1. Trust your senses. They’ll tell you if your grapes are good or if they’re funky, when a living wine is healthy and when it’s struggling. Swirl, sniff, sip, and spit: It’s the law.
  2. Embrace the new world. Enologists have created strains of yeast and bacteria that abolish much of the risk and trouble of making wines at home. Likewise, they’ve found ways of sanitizing gear and shielding wines from spoilage. Be wise and follow their lead.
  3. Be a sponge. Knowledge evolves, new ideas pop, old dogmas falter and die. Soak up perspective from vintners, friends, and wine shop staff. And read everything you can find. WineMaker magazine, for amateurs, regularly highlights new gear and methods.
  4. Never stop hunting for fruit. Explore the many sources of great grapes around the country, some likely near you. A wine can only be as good as the grapes that go into it.

Sheridan Warrick is the author of The Way to Make Wine: How to Craft Superb Table Wines at Home (2d ed., University of California Press, 2015).

They Leave Their Kidneys in the Fields

by Sarah Horton, author of They Leave Their Kidneys in the Fields: Injury, Illness, and Illegality among U.S. Farmworkers

This guest post is published in advance of the American Anthropological Association conference in Denver. Check back every day for new posts through the end of the conference on Sunday, November 22nd.


You write in your introduction that your book is based on nearly a decade of research on the health of the same group of migrant farmworkers. What are the advantages of a longitudinal approach? 

Originally, I had not intended to conduct a longitudinal study of my interviewees’ health. Yet as I continued to follow the same individuals over time, I was shocked to find that women younger than I had developed hypertension, that men younger than my own father were diagnosed with kidney failure. I came to the realization that my data provided a sequential snapshot of my interviewees’ declining health. And I began to see that understanding the cumulative health insults farmworkers suffered in turn was key to explaining their work ailments—and in particular, why they died from heat at work at a rate higher than any other occupational group.

A longitudinal approach has the advantage of allowing me to witness first-hand the unfolding of the major health challenges migrant farmworkers face: diagnoses of chronic disease made in the Emergency Room after hemorrhages and strokes, of diabetes through chance employer-provided screenings, of chronic kidney disease at its end-stage. It allowed me to “see” the hidden relationships between macro-level forces and the chronic illnesses migrant farmworkers face, such as how immigration and work stresses get under their skin and culminate in higher rates of chronic disease. And it allowed me to trace the connections between migrants’ chronic diseases—which the public health world often treats as though separate, bounded entities—and the illnesses they develop at work, which in turn were shaped by U.S. immigration and labor policies. In short, a long-term perspective helps illuminate the compounded effects of social inequality over farmworkers’ life-course, deepening the synchronic snapshot often provided by ethnographic immersion.

Why do you focus your book on the issue of heat death? What do you want readers to take away about the causes of heat death among migrant farmworkers?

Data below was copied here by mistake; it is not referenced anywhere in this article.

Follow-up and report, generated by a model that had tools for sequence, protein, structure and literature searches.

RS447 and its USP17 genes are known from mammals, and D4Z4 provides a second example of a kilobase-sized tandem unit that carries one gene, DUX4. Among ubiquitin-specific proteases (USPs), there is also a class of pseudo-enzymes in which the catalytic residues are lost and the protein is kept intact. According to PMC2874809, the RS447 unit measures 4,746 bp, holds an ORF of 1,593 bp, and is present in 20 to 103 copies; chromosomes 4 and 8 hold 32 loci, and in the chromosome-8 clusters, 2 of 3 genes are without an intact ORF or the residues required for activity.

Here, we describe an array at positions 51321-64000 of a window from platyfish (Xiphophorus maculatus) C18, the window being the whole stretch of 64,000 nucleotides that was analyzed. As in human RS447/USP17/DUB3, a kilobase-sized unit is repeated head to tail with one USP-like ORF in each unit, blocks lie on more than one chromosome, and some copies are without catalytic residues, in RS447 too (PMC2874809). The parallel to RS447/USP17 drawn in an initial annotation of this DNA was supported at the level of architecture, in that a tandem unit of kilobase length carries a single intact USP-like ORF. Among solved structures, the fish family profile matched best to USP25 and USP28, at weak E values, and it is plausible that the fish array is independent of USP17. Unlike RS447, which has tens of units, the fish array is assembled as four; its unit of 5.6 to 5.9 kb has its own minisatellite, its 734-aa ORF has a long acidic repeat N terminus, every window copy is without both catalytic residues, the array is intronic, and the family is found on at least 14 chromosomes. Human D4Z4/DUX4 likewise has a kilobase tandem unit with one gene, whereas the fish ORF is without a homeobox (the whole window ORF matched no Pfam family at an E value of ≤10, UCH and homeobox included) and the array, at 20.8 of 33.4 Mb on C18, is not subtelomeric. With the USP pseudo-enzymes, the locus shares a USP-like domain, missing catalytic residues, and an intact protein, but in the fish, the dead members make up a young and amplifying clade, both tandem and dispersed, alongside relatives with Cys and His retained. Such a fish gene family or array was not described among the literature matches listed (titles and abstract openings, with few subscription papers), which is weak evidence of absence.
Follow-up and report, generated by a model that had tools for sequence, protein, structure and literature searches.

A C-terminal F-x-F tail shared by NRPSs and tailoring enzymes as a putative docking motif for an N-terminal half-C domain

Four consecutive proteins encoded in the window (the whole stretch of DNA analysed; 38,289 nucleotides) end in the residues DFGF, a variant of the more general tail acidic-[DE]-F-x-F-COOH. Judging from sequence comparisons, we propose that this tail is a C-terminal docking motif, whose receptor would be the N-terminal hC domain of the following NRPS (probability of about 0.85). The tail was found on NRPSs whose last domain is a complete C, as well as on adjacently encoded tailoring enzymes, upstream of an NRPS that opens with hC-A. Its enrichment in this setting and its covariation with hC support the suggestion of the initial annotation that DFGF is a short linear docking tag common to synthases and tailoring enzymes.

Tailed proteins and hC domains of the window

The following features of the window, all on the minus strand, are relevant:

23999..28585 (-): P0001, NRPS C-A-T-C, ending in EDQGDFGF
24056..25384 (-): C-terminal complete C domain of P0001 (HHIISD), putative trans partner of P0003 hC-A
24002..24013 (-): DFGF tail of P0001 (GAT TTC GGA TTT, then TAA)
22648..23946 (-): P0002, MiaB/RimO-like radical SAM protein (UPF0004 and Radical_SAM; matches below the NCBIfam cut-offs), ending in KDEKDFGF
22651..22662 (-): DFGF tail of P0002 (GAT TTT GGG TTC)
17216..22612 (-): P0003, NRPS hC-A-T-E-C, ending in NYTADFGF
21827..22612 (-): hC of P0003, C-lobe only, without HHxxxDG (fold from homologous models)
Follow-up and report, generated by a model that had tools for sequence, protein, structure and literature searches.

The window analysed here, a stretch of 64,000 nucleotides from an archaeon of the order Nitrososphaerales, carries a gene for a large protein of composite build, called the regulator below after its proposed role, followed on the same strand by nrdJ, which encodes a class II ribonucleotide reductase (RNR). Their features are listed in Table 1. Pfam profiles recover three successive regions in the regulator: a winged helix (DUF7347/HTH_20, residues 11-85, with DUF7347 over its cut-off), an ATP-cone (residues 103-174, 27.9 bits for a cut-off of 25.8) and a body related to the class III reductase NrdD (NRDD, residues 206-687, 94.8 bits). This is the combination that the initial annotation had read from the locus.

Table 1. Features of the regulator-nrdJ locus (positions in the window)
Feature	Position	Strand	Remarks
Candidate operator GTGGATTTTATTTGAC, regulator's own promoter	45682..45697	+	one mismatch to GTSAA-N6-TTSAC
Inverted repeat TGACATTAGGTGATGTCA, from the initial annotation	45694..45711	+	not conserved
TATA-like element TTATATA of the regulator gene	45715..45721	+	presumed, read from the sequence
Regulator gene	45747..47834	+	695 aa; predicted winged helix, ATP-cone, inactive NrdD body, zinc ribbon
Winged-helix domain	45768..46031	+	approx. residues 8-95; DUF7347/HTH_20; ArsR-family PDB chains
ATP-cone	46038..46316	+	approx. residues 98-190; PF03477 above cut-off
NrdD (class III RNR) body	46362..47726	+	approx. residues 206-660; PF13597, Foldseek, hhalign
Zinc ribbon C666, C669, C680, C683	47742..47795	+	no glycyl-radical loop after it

From the perspective of a casual reader of a newspaper over a morning cup of coffee, heat deaths in the nation’s fields may appear an unfortunate and perhaps inevitable by-product of global warming and rising temperatures. What I aim to show in my book is that this perspective naturalizes a public health problem that is socially and politically produced, and therefore entirely amenable to intervention. I show that farmworkers’ historic exemption from the labor protections that middle class Americans take for granted forces them to expend exceptional effort to keep their jobs, all the while recently-intensified immigration control policies entangle them in new forms of legal compromise that make them even more vulnerable at work. Yet, of course, heat death isn’t merely a matter of farmworkers’ vulnerability at work; it implicates a host of other systems—the health care system, the disability and retirement systems, and even our current food safety system—that systematically fail this vulnerable population. This book documents how a web of public policies and private interests create health outcomes anomalous in a modern industrialized nation.

Thus heat death is merely the narrative hook for a broader story about how U.S. policies produce the worse health outcomes and shorter lifespans of migrant farmworkers. Because this book uses farmworkers’ narratives and experiences as the raw material from which to create this critique, it serves as a kind of social epidemiology detective story.

Why do you make your primary focus the changing circumstances of the same set of families over time? How does this change your own positionality and obligations as a researcher?  

A primary aim of this book is unabashedly humanistic—that is, to convey the texture of farmworkers’ everyday lives such that their worlds appear less foreign to readers. To help accomplish this, I follow the lives of a cast of characters over time. This allows readers to acquaint themselves with farmworkers as individuals and to watch as events in their lives unfold. It highlights the diversity in immigrant farmworkers’ experiences, as readers inhabit the shoes of male and female farmworkers and those at varying stages in the life course. Moreover, I also use it with the goal of attribution—that is, of decentering ethnographic authority and giving my migrant interlocutors their due.